Providing a touchpoint for global Kiwi connection
2023 Kea World Class New Zealand Supreme Award winner Dr Maia Nuku (Ngai Tai)
Dr Maia Nuku is the Oceania Curator at The Metropolitan Museum of Art in New York and is the first Indigenous Pacific person to ever hold a curatorial position at the Met. Maia is a true offshore Kiwi, born in London to English and Māori (Ngai Tai) parents. She is one of only 100 or so people around the world responsible for curating works of art and taonga for museum collections. She started her career in the insurance sector but quickly realised that wasn’t where her real passion lay so took a leap of faith which has paid global dividends.
Despite being born and raised in London Maia says she always had a strong affinity with Aotearoa. Her mother Esther Kerr Jessop (QSM) emigrated to London on the Rangitoto in 1958 and was one of the founding members of the Ngāti Rānana, the London Māori Club. Maia says despite being born 12,000 miles away she always felt strongly connected to Aotearoa.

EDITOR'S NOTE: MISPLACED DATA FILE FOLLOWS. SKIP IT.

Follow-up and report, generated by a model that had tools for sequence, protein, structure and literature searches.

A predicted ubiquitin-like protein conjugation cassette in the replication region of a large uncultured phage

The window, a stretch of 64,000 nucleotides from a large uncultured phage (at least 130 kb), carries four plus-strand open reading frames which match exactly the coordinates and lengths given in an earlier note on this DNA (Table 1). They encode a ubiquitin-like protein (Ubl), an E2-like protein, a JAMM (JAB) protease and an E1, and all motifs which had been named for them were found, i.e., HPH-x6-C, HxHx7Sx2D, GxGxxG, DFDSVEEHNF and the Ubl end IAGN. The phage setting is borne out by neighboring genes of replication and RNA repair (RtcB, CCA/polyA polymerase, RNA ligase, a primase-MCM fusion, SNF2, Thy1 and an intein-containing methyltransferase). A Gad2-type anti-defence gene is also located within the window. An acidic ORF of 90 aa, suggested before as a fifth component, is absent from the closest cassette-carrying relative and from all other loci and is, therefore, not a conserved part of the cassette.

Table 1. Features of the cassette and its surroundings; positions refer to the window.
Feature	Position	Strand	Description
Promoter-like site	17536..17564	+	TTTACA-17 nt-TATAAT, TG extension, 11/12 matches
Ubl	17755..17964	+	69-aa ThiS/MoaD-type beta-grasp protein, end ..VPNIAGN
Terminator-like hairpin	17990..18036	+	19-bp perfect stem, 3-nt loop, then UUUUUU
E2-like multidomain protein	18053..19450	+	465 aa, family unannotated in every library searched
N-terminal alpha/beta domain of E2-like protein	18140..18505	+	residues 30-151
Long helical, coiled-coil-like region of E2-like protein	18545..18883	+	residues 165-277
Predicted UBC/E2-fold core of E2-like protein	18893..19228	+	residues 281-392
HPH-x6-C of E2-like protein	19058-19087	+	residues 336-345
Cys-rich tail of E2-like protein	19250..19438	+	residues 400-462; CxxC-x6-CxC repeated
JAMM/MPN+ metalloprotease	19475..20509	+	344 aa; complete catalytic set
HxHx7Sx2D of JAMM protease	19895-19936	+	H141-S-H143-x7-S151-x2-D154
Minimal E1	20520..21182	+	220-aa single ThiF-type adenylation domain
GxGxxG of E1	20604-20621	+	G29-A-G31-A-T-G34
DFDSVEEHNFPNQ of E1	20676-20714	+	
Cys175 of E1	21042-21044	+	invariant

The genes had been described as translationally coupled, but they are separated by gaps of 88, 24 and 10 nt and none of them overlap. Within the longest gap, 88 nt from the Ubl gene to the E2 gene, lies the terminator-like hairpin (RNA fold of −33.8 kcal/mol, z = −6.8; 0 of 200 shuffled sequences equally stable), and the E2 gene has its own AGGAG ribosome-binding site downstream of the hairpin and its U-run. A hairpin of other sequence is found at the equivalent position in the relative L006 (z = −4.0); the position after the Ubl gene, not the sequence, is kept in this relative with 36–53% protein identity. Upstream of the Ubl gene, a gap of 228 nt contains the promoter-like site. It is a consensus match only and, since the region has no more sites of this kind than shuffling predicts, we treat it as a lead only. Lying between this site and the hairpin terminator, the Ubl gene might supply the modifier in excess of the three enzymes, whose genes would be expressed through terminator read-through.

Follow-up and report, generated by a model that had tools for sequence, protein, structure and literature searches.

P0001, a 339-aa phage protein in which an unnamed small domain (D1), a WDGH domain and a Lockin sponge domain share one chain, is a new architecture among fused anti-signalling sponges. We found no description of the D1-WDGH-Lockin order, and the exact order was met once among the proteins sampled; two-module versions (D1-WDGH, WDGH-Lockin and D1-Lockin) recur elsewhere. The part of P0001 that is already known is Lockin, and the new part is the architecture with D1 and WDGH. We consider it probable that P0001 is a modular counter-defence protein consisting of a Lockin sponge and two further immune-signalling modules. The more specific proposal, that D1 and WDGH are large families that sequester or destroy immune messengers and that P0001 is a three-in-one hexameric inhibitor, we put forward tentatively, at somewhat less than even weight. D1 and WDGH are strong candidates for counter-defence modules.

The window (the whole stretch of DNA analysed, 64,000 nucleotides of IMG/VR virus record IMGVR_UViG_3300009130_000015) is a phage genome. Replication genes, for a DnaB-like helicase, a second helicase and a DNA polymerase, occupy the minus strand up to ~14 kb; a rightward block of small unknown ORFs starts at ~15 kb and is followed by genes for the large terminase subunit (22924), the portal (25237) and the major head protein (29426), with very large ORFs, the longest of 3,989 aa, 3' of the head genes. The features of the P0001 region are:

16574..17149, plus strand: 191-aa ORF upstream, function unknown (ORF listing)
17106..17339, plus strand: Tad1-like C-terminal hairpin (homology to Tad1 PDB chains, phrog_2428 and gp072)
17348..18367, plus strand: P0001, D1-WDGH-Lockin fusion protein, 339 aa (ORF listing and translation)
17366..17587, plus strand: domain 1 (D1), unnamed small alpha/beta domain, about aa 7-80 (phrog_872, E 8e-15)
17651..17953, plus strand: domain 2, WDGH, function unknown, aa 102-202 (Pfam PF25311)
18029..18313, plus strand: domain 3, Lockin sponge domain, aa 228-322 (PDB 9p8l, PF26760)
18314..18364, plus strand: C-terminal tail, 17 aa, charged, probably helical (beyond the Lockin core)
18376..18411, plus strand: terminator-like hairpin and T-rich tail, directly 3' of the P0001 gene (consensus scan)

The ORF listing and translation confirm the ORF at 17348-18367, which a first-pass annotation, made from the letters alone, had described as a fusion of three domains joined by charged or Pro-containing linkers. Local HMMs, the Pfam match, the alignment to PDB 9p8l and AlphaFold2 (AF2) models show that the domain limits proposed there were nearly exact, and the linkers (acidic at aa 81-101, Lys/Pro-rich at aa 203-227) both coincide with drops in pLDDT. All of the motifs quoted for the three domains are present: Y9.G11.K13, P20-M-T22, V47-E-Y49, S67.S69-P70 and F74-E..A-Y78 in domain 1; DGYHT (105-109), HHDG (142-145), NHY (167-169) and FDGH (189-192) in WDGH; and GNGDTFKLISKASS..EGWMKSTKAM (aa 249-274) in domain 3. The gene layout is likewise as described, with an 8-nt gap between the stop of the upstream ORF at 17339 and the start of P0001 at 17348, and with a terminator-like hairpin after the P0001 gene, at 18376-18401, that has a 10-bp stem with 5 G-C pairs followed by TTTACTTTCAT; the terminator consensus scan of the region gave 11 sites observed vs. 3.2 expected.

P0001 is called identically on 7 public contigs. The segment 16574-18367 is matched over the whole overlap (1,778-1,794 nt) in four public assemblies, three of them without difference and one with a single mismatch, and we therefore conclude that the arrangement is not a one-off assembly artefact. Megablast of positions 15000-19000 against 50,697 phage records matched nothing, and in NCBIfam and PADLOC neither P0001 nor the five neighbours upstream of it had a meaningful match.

“We’ve always had this kind of bridge to New Zealand. I think I was, in a way, more exposed to Māori culture in London than I might have been if I lived in New Zealand. We were kind of straddling both worlds all the time. It was always fascinating to me that when I first came to New Zealand in 1977, I just felt like I’d come home.”
All her life Maia has loved museums and galleries but this wasn’t where her career started.
“I think for me museums have always felt like a very natural place, a way to connect with things from home and I think that’s such an important part of what museums do around the world. They are a place, you know, for stewardship, kaitiakitanga of taonga. I really loved the environment of museums and galleries. I’ve always loved the architecture of those buildings, these are the places I gravitated towards when I went travelling, I could feel the energy of that space.”
“At university, I studied modern languages and found myself working in the city. I was working with art galleries and museums but as a broker for the Lloyd’s of London insurance market. Because of my love of art, I always knew the artists and people thought that was so sweet, that I knew about the art outside of the insurance side of things.”
At the end of the 1990’s she decided to make a bold career change and much to everyone’s surprise and her mother’s horror, she left her very secure job in the financial markets to start again.